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A couple weeks ago I wrote about security issues largely related to print and output. This week I’ve been thinking about security aspects of batch job scheduling. OK, if you’re reading this you understand what “batch job scheduling” entails. This part of IT operations is basic to a complex organization, whether for-profit, not-for-profit, or government. However, execution of batch scheduling in an organization involves very few people, and they are always found within the IT department. These characteristics bring up two issues:
1. Security of your batch job processing is extremely important because it literally affects the existence of your organization; and
2. Sole responsibility for batch job work rests with the IT department.
Batch job scheduling involves the daily functioning of your business. Any tampering with tasks and schedules will result in immediate business disruption but one that might not be detected until later when daily work functions are brought to a standstill.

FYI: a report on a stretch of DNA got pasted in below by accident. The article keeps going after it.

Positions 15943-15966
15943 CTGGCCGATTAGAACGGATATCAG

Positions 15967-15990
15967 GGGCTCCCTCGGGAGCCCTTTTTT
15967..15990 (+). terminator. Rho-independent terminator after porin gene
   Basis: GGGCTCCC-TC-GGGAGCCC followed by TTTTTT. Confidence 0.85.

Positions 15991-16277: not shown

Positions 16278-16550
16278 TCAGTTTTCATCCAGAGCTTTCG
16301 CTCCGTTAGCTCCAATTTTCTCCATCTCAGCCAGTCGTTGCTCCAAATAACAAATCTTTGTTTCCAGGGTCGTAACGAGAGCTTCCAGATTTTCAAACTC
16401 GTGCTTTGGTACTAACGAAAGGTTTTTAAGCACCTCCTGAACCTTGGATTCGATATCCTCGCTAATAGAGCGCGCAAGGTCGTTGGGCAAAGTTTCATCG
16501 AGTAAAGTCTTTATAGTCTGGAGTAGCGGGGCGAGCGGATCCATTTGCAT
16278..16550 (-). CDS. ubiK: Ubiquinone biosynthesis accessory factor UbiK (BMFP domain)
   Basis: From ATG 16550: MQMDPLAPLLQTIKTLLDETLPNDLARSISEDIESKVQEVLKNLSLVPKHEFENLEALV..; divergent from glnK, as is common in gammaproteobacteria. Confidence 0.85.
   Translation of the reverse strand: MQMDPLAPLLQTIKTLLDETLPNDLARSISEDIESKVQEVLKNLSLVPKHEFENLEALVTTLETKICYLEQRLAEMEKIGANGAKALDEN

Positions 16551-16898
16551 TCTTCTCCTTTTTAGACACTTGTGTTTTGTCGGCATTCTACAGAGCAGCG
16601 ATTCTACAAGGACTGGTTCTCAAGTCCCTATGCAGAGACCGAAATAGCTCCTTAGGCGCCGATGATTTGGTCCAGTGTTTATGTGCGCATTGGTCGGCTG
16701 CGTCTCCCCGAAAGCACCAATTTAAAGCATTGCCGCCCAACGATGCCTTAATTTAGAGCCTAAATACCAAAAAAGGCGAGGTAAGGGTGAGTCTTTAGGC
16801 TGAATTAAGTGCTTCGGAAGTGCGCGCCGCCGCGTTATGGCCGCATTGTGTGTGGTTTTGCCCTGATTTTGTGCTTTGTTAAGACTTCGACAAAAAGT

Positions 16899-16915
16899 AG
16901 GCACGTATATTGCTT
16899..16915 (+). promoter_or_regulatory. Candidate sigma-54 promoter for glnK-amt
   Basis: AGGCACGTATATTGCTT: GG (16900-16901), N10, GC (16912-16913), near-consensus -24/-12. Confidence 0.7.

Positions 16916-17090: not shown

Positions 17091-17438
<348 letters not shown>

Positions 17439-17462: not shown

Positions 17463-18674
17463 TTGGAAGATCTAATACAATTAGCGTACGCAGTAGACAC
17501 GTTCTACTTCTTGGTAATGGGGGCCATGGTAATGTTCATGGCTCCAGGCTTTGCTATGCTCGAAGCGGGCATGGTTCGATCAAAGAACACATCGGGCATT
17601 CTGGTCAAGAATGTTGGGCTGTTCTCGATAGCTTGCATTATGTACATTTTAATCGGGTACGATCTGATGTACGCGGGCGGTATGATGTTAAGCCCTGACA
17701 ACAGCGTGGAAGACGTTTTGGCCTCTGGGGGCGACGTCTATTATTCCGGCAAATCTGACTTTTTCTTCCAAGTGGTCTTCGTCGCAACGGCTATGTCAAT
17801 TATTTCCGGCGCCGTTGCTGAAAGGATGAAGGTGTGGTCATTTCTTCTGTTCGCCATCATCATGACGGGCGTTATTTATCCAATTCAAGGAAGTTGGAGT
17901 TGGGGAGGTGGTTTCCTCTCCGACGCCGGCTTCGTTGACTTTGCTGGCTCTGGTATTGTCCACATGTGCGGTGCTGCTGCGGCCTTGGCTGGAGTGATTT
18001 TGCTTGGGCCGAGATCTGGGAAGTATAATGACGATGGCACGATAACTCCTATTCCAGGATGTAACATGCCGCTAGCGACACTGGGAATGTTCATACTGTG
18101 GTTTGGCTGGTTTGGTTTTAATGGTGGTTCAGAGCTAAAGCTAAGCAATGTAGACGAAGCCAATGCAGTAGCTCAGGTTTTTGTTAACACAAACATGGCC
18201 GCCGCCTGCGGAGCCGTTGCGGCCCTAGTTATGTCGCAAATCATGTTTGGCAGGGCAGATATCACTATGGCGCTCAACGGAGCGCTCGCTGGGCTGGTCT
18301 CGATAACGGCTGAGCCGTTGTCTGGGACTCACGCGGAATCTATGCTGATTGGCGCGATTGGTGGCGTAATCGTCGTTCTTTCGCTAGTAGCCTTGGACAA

Because batch job scheduling is an automated process controlled by IT department staff, when problems arise from a disruption, it’s your job on the line. I would venture to say few if any others in the organization know how the schedules work. Disruptions become the kind of incidents you don’t want to have associated with your name.
Our ROC Maestro batch job scheduler allows the manager to absolutely control users, roles and capabilities. A historical log of usage and changes is available as a double check. Any use of the system is noted and allowed only with permission. Access is restricted and monitored “globally” across the entire configuration of hardware and software applications. Our engineers can show you how using ROC Maestro will tighten security on this most important aspect of your IT configuration.